The last presidential debate was held last night, and both the FLOTUS and the would-be FLOTUS looked very nice. But Fox news has an important question: is Anna Wintour secretly pressuring fashion designers to steer clear of Ann Romney? The obvious and correct answer is, well, no. But here's Fox's reasoning:
Over the past year, the Vogue matriarch — who many say has enough power to make or break fashion careers – has become one of President Obama's leading financiers. Wintour has raised over half a million dollars for the incumbent, hosted numerous lavish dinners in his name and even enlisted designer pals like Marc Jacobs and Thakoon Panichgul to design pro-Obama products...And according to fashion industry pros we talked to, no one wants to risk annoying Wintour.
Well, duh. Of course nobody wants to piss off Anna Wintour. But that doesn't mean fashion's reluctance to embrace Romney — few brands and designers are willing to go on the record about her even to take credit for her outfits, with the notable exception of her favorite designer, Boston-born Alfred Fiandaca — is due to Wintour reigning over the industry with some kind of cobalt blue gloved iron fist of politics. Occam's razor suggests that more than anything, fashion is probably regarding Ann Romney with a measure of polite skepticism for reasons much shallower than politics — like Michelle Obama's relative youth and the way she has distinguished herself through her style. Given Michelle Obama's reputation for elegance and glamour, it's no wonder that people in fashion are just generally way more excited by the thought of dressing her than they are by the thought of Ann Romney. (Romney's dress last night, by the way, was by Oscar de la Renta. Michelle Obama's was Thom Browne.)
"It is just that Michelle brings such a unique, vibrant and youthful style and the average woman can see herself wearing many of her outfits, so designers want everyone to know that she is wearing their clothes," explained entertainment/lifestyle commentator Valerie Greenberg. "And even though Anna Wintour has a reputation for being tough, I don't think she would let her political views dictate the designers she chooses to feature in the pages of Vogue."
Ding, ding, ding. [Fox]
Here is the full Iris Apfel cover editorial from the new Dazed & Confused. [FashionCopious]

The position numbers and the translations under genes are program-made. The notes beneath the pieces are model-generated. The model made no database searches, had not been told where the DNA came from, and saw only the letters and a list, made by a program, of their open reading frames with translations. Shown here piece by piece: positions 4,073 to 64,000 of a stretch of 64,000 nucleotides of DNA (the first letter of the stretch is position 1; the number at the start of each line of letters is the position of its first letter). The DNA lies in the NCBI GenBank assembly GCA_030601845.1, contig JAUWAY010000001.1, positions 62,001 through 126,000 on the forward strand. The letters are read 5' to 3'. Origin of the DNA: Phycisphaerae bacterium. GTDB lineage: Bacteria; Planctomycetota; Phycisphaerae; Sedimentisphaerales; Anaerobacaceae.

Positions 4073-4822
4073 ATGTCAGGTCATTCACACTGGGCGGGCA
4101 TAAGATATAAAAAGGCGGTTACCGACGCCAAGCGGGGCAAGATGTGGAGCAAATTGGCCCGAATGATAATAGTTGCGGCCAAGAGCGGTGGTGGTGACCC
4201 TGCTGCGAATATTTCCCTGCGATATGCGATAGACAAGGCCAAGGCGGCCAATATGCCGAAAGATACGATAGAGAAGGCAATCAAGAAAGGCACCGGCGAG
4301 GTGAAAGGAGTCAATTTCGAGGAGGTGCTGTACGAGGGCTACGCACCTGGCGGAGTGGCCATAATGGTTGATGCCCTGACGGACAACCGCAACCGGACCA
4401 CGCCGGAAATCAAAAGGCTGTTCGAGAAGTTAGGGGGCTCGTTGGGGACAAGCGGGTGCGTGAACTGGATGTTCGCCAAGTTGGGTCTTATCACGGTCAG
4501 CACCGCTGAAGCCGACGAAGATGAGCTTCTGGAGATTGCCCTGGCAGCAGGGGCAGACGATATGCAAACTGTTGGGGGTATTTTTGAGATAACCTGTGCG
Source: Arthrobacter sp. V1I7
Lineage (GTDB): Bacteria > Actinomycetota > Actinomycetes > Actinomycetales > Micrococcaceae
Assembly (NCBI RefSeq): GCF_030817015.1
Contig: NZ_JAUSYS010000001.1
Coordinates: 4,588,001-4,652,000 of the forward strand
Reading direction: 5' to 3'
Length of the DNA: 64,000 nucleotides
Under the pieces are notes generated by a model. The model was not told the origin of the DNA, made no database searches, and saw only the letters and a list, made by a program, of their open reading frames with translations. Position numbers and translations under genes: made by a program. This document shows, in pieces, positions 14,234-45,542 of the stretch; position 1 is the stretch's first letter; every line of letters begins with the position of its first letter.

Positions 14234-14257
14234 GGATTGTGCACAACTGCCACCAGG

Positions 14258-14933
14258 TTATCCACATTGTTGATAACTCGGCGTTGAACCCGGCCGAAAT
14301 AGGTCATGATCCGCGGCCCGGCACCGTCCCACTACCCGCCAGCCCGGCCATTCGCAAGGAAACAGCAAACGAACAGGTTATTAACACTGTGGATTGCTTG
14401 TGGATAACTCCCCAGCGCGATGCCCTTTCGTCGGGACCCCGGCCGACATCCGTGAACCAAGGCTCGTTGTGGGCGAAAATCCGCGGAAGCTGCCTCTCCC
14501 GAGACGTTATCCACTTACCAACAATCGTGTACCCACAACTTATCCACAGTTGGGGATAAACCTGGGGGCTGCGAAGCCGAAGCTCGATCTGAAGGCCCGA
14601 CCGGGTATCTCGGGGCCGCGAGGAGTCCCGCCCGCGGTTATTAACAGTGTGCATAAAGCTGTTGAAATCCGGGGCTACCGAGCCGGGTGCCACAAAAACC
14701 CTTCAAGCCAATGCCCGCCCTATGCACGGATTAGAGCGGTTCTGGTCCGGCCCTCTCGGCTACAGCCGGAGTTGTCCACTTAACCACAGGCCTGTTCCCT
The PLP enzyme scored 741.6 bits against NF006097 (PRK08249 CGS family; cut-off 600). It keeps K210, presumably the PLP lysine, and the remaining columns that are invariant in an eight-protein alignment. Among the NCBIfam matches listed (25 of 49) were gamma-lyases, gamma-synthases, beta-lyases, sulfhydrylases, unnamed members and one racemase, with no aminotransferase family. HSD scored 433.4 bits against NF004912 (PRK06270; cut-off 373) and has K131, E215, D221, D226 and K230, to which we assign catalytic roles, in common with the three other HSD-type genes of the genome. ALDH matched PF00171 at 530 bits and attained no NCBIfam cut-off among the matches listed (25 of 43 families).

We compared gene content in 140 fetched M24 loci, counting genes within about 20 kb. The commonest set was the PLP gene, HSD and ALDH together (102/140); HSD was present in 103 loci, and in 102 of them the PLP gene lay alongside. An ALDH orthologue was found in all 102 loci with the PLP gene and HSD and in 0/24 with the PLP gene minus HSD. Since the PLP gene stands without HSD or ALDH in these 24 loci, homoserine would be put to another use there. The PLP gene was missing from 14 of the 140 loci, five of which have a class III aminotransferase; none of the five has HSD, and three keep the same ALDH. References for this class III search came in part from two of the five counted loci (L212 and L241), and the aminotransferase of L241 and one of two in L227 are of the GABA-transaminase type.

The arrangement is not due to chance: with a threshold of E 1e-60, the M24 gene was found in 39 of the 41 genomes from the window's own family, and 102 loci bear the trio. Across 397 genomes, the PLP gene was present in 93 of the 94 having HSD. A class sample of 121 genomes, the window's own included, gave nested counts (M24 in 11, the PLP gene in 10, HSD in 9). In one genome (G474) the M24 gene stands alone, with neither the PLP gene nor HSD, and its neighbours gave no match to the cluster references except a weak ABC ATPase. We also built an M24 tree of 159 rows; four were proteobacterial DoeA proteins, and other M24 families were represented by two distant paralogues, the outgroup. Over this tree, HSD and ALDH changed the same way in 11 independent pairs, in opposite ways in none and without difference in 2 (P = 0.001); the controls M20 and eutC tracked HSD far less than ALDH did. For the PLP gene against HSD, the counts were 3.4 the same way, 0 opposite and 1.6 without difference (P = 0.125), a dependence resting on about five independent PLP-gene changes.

This Harper's Bazaar Spain cover with Eugenia Volodina is fucking amazing. Technical term. [FGR]
Joanna Lumley is: auctioning off several of her Patsy costumes from Absolutely Fabulous for charity, giving us so many ideas for Halloween. [Telegraph]
Dita von Teese says, "I like having makeup on; I like the discipline it requires." She talks about her beauty routine and how there are all kinds of things:
"that you just don't do around guys — like how I do my hair if a guy's watching, how to make the process glamorous, so it doesn't look crazy. I won't go around with the hot rollers and all the clips in front of a guy that I'm dating, so, I know how to curl my hair with a curling iron, and use duckbill clips so it looks nice when I'm doing it. Or, I would never let a guy see me while I'm dyeing my hair — except for my ex-husband, who used to see me dye my hair because I would dye his hair, too. We would have black hair-dyeing parties. [Laughs] That was the only exception. But there are certain things to be discreet about during the seduction process. Men like to watch you get ready, but I kind of tailor things a little bit for when they're watching. My beauty book is going to be totally different from what's out there. I'm going to tell you that you have to pluck the nipple hairs off your nipples before a date."
Chanel C.E.O. Bruno Pavlovsky says the company may consider beginning to maybe possibly sell or think about selling its clothing and accessories online. In 3-5 years. "Perhaps two years, three years, five years from now, we will start to sell [clothing] online," he says, adding that the brand does sell cosmetics and perfume online. [BoF]
Meanwhile, Karl Lagerfeld is shooting the spring Chanel campaign this week in New York. His cast: Stella Tennant and 15-year-old model Ondria Hardin, whose career — Hardin has been working essentially full-time since the age of 13, when she booked a Prada campaign — has been controversial because of her extreme youth. Organizations including the Council of Fashion Designers of America recommend that companies not hire models under the age of 16 for runway work, and Vogue has a stated policy against hiring children under 16 for editorial work, either. "She doesn't look 15," says Lagerfeld. "She looks 18 or 19." Well, in that case... [WWD]
Grace Coddington, on how she picks her assistants: "The most important final question I ask them is ‘Do you like cats?' because if they don't they're not in my life." [Fashionista]